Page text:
Brooklyn, by Colm Toibin.
Later, during the week, as she was making her way from Bartocci's to Brooklyn College, she forgot what she was looking forward to; sometimes she actually believed that she was looking forward to thinking about home, letting images of home roam freely in her mind, but it came to her now with a jolt that, no, the feeling she had was only about Friday night and being collected from the house by a man she had met and going to the dance with him in the hall, knowing that he would be walking her back to Mrs. Kehoe's afterwards. She had been keeping the thought of home out of her mind, letting it come to her only when she wrote or received letters or when she woke from a dream in which her mother or father or Rose or the rooms of the house on Friary Street or the streets of the town had appeared. She thought it was strange that the mere sensation of savoring the prospect of something could make her think for a while that it must be the prospect of home. - from Brooklyn, page 137 -
Eilis Lacey is a young Irish girl who is on the cusp of womanhood in the years following World War II. When her mother and sister Rose arrange to have an Irish priest sponsor Eilis in America, Eilis boards a boat to New York and finds work in a department store in Brooklyn. She lives in a boarding house owned by an Irish woman named Mrs. Kehoe and eventually begins to take classes in bookkeeping at Brooklyn College. Despite early homesickness, Eilis begins to find her way in her new country. When she meets a handsome Italian man named Tony, her world expands even further. But an unexpected family crisis back in Ireland leaves her with a difficult decision: should she give up her new life in Brooklyn, or pursue her dreams with the man she loves?
Brooklyn is a sleepy and meandering book whose plot is wrapped around the internal struggles of Eilis. Toibin's prose is uncomplicated and manages to capture the feel of life in New York City during the mid-twentieth century. Eilis comes from a traditional Irish Catholic family and is expected to find work in an office until she can marry a nice Irish boy. Her growth into a young woman as she falls in love with Tony provides the drama for the novel. The novel's tension is created through Eilis' inner conflict between returning to Ireland and living the life her mother wishes her to live, versus remaining in America where she will create her own destiny.
This book was named Best Book of 2009 by several respected publications like The New Yorker, the San Francisco Chronicle and The Daily Telegraph. It was also long listed for the Booker Prize in 2009. Given all the accolades, I wanted to love this novel. But I found myself increasingly annoyed by Eilis and her thoughts and dilemmas. I never related to her struggles and I found the pace of the story to be very slow. I believe a large part of my dissatisfaction with Brooklyn was that I did not love the primary character of Eilis, nor many of the more minor characters such as the petty girls with whom Eilis shares a boarding house. One relationship which the reader is supposed to care deeply about is that between Eilis and her sister Rose -- but instead of feeling invested in their relationship, I felt removed from it.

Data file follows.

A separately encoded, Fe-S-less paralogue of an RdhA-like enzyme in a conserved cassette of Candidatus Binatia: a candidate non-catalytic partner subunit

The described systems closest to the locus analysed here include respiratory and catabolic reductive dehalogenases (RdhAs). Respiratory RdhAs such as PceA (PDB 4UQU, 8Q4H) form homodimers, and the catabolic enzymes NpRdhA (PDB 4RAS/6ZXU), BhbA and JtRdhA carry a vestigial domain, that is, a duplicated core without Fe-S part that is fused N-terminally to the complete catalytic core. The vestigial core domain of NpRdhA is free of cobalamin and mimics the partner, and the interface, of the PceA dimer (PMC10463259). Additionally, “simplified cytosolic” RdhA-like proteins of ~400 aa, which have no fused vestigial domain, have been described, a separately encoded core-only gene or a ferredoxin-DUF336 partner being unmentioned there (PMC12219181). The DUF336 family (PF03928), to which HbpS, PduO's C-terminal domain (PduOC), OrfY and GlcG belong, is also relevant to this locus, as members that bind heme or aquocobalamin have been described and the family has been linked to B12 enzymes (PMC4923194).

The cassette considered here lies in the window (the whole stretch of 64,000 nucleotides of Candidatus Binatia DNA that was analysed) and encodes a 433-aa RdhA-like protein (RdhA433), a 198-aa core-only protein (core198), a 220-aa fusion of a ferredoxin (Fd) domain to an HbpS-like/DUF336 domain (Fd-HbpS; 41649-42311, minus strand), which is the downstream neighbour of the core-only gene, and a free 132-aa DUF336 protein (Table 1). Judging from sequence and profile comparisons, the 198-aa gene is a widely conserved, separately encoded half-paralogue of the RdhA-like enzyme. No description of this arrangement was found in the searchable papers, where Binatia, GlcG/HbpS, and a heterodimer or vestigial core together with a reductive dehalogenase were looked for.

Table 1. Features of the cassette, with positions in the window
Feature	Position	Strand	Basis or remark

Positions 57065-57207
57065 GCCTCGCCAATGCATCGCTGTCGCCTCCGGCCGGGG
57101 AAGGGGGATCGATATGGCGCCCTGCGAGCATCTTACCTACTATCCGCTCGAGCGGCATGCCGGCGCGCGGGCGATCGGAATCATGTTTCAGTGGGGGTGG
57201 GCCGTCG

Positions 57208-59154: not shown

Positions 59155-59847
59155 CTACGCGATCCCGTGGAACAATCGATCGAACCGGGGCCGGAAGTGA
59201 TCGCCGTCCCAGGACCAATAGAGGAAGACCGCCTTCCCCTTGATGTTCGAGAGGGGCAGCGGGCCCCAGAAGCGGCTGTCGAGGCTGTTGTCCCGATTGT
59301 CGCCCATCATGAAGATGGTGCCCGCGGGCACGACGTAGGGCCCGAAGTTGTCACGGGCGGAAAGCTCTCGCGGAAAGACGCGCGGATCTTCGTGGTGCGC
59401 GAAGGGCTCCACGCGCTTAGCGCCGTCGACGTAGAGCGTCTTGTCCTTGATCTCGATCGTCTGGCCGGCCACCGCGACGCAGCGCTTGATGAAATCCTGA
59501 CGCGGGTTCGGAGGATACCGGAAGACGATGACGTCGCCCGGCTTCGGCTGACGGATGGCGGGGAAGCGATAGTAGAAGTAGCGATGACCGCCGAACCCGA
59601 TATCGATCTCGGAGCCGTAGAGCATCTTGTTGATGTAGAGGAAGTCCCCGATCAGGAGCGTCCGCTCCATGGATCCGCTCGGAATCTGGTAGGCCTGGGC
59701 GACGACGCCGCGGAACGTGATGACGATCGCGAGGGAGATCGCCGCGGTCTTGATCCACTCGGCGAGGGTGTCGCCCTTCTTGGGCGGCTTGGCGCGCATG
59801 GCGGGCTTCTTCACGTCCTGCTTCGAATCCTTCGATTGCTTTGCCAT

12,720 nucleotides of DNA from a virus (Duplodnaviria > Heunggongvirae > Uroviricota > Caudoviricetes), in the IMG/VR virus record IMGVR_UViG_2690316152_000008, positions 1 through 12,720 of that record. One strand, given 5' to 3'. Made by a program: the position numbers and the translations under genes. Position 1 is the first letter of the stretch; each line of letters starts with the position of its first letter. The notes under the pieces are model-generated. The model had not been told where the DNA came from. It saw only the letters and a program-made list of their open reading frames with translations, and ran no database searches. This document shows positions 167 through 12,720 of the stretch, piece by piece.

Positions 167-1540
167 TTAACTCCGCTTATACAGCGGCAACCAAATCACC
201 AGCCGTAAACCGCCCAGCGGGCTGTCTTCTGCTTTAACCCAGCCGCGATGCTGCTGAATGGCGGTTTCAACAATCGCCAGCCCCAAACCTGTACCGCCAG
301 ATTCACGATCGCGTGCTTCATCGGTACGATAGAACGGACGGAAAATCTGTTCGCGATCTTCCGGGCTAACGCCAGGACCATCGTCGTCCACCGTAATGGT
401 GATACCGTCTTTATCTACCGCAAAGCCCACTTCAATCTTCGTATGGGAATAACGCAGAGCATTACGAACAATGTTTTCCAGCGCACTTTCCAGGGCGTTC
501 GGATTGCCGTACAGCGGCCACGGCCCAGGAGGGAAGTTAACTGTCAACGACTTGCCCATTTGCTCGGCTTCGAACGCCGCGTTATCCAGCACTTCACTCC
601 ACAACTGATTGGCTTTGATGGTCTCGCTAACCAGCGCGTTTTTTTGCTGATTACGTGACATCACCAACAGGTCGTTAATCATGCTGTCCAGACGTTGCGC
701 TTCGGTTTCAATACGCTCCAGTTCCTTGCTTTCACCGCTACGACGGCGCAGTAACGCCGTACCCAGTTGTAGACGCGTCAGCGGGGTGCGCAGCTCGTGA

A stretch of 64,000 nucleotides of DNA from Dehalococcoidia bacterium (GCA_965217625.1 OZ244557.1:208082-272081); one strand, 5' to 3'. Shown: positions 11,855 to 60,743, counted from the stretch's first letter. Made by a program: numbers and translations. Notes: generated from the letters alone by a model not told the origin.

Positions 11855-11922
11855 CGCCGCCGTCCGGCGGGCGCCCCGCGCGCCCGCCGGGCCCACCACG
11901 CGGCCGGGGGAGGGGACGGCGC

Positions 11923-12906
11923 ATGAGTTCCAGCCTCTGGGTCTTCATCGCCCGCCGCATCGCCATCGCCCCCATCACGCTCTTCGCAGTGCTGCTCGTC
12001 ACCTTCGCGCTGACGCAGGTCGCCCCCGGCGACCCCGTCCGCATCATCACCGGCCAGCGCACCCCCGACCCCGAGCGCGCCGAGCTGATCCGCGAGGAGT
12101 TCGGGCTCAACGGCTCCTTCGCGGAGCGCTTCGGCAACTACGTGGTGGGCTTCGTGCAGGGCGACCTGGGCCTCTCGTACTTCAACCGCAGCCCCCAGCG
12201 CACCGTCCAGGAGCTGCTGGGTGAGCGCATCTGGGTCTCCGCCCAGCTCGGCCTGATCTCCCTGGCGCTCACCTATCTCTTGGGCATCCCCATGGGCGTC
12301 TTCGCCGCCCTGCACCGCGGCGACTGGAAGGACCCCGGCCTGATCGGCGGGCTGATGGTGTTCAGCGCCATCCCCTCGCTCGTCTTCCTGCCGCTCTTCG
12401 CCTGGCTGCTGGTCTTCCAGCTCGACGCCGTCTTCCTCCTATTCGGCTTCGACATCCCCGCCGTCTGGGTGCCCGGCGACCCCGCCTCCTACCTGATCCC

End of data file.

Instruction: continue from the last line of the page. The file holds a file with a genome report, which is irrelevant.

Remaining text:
A couple of years ago, I read a previous novel by Toibin. The Blackwater Lightship was also a slowly evolving novel about the idea of returning "home" ... but in that novel, I ended up feeling largely satisfied with not only the character development but the way Toibin structured the story (read my review).
The best part of Brooklyn for me was when Eilis meets Tony and begins a relationship with him. Tony felt real to me and I especially liked how Toibin captured Dodger fever in Brooklyn. As the game unfolds around her at Dodger Stadium, Eilis finds herself lost in the rules of an American game she has never experienced, but nonetheless drawn to the excitement around her.
She simply could not follow the game, could make no sense of how you would score, or what constituted a good hit or a bad one. Nor could she work out which player was which. And it was as slow as Patty and Diana had said it would be. She knew, however, that she should not go to the bathroom because it was possible that the very moment she announced her departure would be the moment no one wanted to miss. - from Brooklyn, page 172 -
Another aspect of the novel I found interesting was how Toibin weaves in the multiple racial and ethnic communities. None of the groups seem to co-mingle, although their paths cross, which makes it surprising (and more scandalous) when Eilis and Tony come together. The novel show how immigrants to America at this time in history created their own home away from home by isolating themselves from immigrants of other countries ... the Italians remained with the Italians, the Irish with the Irish, etc ... even when it came to where they worshiped.
Brooklyn is a quiet novel. This is not the book you want to pick up if you are seeking a fast paced plot or earth shattering revelations. This is a novel about an immigrant's assimilation and coming of age in New York City, but it is largely told through the internal conflict of the main character. Readers who enjoy understated literary novels, might want to give Brooklyn a try.
Three and a half stars out of five.
Catch all of Wendy Robard's reviews in her fabulous blog, "Caribousmom".
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